Although Bentley's diversity efforts currently focus on race, gender, nationality and sexual orientation, Avery said he envisions a day when those "big issues" will give way to other diversity issues such as class, economic, work style and other differences that are more difficult and less talked about among colleagues than one might think. Currently, workshops under development focus on religion and disability.

"We said clearly from the beginning that if we go up this (diversity) road there is no end date," said Avery. "It's not like you get into diversity work with a ten-year plan and then it ends."

BENTLEY UNIVERSITY is one of the nation’s leading business schools, dedicated to preparing a new kind of business leader – one with the deep technical skills, broad global perspective, and high ethical standards required to make a difference in an ever-changing world. Our rich, diverse arts and sciences program, combined with an advanced business curriculum, prepares informed professionals who make an impact in their chosen fields. Located on a classic New England campus minutes from Boston, Bentley is a dynamic community of leaders, scholars and creative thinkers. The Graduate School emphasizes the impact of technology on business practice, in offerings that include MBA and Master of Science programs, PhD programs in accountancy and in business, and customized executive education programs. The university enrolls approximately 4,100 full-time undergraduate, 140 adult part-time undergraduate, 1,430 graduate, and 43 doctoral students. Bentley is accredited by the New England Association of Schools and Colleges; AACSB International – The Association to Advance Collegiate Schools of Business; and the European Quality Improvement System, which benchmarks quality in management and business education. For more information, please visit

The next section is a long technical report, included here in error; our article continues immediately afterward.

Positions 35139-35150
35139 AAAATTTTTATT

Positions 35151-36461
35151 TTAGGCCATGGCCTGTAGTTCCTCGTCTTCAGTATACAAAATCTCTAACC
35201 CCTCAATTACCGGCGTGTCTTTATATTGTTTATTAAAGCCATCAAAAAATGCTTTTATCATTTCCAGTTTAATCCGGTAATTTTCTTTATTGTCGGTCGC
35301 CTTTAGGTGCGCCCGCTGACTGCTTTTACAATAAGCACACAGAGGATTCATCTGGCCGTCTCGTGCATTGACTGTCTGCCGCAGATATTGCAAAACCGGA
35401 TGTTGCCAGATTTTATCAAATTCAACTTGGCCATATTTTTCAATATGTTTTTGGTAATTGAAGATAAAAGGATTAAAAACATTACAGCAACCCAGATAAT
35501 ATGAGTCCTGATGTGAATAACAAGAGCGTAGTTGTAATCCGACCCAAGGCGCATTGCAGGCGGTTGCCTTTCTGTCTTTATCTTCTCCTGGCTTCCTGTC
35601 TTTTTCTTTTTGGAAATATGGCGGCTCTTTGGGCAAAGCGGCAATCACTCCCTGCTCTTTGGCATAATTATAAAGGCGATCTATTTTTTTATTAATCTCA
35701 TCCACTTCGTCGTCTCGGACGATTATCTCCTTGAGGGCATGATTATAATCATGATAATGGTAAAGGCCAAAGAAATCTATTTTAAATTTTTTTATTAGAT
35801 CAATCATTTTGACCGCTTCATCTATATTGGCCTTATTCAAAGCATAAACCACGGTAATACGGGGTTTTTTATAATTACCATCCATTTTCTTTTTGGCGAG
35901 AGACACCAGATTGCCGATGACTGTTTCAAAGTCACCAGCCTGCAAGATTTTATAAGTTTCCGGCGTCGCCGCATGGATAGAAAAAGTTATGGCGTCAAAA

Type: Latest Headlines